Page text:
http://www.google.com/search?as_q=court&num=10&hl=en &btnG=Google+Search&as_epq=humanism+is+a+religi on&am p;am p;as_oq=ruling+rulings&as_eq=&lr=&as_ft=i&as _filetype=&as_qdr=all&as_occt=any&as_dt=i&as _sitesearch=&as_rights=&safe=images (http://www.google.com/search?as_q=court&num=10&hl=en &btnG=Google+Search&as_epq=humanism+is+a+religion& am p;as_oq=ruling+rulings&as_eq=&lr=&as_ft=i&as _filetype=&as_qdr=all&as_occt=any&as_dt=i&as _sitesearch=&as_rights=&safe=images )
Edited by: nelson
01-13-2006, 02:51 PM
It is becoming evident that this forum does not support religous sentiment being intertwined with political action.
It was hard to decide where to post this next item, till I looked at this thread again and saw the words with which it began one action-packed month ago.
You who want to go the distance in truth exposition (this time in the reading of it) are invited to go to http://www.godhatesfags.com/main/index.htmland run your digital hands through one or more of Westboro Baptist Church's articles, in particular A Message From WBC to Lawmakers on Legislation Regarding Her Counter-Demonstrations at Funerals of Dead Soldiers (http://www.godhatesfags.com/writings/20051212_legislation-message.pdf). Have just gotten itfrom veteran freedom warrior (and tyrant tweaker) John Kucek (thanks, John). It covers a huge array of bedrock issues in a few calm but explosive paragraphs. This adventure is NOT for readers that still entertain thoughts that the war has a shred of justification or that "gay is good".
All I want is the truth, and in my humble estimation these people have it by the truckload. Our editor wasn't sure he wanted to let me profile the Westboro people in Dixie Diary (Pastor Fred Phelps and company) but am not aware there have been any repercussions from doing so. Actually I think every one of you is capable of reading the above article without the sky falling in. I don't agree with WBC on everything (e.g. their picketing the Sago mines funerals) but what they do well far outweighs the bad -- IMHO.
The abovementioned Dixie Diary text available on request.
01-20-2006, 04:07 AM
Hey, gang -- nationalist legend Joseph Sobran is a "fanatic" too, sort of like....../\/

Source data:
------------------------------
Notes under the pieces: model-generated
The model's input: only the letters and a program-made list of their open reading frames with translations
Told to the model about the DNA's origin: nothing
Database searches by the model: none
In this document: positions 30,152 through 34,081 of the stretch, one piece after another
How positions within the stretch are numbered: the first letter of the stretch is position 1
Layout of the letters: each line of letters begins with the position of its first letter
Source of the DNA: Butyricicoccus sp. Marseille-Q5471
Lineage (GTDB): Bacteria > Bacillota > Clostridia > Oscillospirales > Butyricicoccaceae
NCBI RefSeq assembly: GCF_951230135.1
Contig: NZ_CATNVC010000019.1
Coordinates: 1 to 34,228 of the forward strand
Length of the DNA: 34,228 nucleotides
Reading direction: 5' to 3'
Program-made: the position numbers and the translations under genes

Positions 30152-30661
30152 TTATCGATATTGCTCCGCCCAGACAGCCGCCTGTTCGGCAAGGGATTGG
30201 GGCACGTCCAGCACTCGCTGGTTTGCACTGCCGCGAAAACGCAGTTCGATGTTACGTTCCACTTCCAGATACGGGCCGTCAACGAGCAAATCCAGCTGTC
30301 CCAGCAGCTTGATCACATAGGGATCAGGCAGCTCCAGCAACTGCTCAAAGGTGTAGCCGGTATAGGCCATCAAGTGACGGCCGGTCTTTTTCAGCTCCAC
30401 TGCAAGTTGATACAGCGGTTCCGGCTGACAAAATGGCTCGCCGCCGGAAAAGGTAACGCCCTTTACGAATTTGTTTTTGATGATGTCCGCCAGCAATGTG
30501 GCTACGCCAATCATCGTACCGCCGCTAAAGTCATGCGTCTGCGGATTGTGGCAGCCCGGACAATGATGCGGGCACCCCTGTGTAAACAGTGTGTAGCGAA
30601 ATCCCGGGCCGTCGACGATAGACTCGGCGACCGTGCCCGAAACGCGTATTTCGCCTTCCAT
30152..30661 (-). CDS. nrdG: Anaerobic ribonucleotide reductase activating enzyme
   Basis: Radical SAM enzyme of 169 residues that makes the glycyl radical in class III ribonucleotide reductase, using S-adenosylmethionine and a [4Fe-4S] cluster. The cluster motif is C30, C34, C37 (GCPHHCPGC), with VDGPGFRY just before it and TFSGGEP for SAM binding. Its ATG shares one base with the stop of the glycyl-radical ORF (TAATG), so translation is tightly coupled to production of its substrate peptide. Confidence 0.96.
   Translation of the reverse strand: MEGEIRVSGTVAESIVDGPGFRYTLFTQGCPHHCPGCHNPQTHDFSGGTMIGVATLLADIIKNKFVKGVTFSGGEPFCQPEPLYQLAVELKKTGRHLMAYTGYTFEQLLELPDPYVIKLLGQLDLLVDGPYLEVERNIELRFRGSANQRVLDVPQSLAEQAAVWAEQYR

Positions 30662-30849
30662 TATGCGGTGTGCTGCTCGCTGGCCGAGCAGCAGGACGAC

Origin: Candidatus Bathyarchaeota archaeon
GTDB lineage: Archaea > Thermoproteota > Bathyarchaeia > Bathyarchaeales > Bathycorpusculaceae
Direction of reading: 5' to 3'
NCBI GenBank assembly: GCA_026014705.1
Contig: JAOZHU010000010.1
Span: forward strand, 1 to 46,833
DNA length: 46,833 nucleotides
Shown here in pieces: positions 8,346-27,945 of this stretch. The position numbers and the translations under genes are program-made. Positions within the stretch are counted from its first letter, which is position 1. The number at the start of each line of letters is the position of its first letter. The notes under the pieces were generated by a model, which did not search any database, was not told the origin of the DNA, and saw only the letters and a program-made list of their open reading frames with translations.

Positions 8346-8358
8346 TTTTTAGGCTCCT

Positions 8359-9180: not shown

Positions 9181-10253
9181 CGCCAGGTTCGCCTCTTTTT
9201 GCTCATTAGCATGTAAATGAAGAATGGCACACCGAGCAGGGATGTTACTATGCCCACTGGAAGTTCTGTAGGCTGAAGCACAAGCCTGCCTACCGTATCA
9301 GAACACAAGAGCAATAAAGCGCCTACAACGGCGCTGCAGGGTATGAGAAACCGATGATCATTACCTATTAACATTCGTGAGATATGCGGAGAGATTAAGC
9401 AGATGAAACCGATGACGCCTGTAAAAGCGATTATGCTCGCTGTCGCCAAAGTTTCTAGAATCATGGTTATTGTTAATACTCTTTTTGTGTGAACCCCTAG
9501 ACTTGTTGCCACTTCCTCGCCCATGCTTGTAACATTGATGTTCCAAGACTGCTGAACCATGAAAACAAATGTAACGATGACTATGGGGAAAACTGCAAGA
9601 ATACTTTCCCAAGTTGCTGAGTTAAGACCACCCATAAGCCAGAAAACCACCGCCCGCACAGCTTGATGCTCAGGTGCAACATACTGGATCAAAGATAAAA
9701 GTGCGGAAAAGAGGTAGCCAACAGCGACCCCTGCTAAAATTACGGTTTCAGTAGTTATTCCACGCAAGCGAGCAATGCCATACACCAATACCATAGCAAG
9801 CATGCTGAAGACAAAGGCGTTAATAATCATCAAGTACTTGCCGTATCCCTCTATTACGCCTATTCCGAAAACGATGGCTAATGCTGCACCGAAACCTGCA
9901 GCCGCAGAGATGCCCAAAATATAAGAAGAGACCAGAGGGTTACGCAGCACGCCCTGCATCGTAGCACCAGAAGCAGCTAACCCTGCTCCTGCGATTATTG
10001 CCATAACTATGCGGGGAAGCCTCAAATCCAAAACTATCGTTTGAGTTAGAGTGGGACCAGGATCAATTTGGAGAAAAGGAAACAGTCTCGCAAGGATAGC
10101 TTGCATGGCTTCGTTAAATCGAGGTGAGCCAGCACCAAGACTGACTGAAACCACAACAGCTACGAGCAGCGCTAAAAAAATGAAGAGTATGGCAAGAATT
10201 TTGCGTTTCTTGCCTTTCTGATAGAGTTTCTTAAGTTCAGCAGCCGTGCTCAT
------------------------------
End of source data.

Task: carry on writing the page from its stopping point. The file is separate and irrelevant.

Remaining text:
<H1><BIG></BIG>Is Darwin Holy?<BIG></BIG></H1></DIV>
http://sobran.com/columns/2005/spacer.gif“The great sociologist of religion Emile Durkheim called the contrast between the sacred and the profane the widest and deepest of all contrasts the human mind is capable of making,” wrote the late Robert Nisbet. “Everything above the level of the instinctual, Durkheim concluded, began in human veneration, awe, reverence of the sacred — be it a god, spirit, grove of trees, or lake or stream. Religion in the sense of gods, churches, liturgies, and bibles emerged in due time from the primitive sacred essence. So did the rest of human culture, its signs, symbols, words, drawings, and acts.”
http://sobran.com/columns/2005/spacer.gifA fascinating observation. I happened to run across it while I was marveling at the curious evangelical zeal of those who want Darwinism taught in the public schools but want to ban the teaching of intelligent design. Why do they care so much? Apparently nothing is holy, but Darwin is Holy Writ.
http://sobran.com/columns/2005/spacer.gifI used to believe in evolution myself, but I took no joy in it. Who could? If atheism is true, then nothing really matters — not even atheism. Even as a kid I could see that. In my atheistic days I thought nothing quite as silly as the militant atheist. I loved the story of Jesus and the Catholic Church, I regretted losing my faith, and I couldn’t understand people who could be enthusiastic about living in a cold, godless universe. I tried to make art — especially Shakespeare and Beethoven — my consolation prizes for the religion I’d lost. At least they made me feel as if I had a soul, even if the cheerless dogma of Darwin said otherwise.
http://sobran.com/columns/2005/spacer.gifThen, as a young adult, I met two astounding people who might as well have come straight from heaven on wings of angels. They were my first two children. I could believe that the rest of the human race, myself included, were accidents of mere matter, but it was soon obvious to me that these two had immortal souls, and that I was responsible for them. Life undeniably had a purpose after all — not survival, but love.
http://sobran.com/columns/2005/spacer.gifIt wasn’t just that I loved these kids; far more important, God loved them and expected me to teach them about his love. Not to do so would have been the worst form of neglect. And in teaching them that God loved them, I realized that he loved me the same way, and always had, even when I hadn’t thought about him and denied his existence...................
http://sobran.com/columns/2005/051229.shtmlEdited by: nelson
01-21-2006, 04:28 AM
Good article Nelson. It illustartes what I was saying in my earlier post. At least this guy realized the error of his thinking and decided to follow God before it was too late.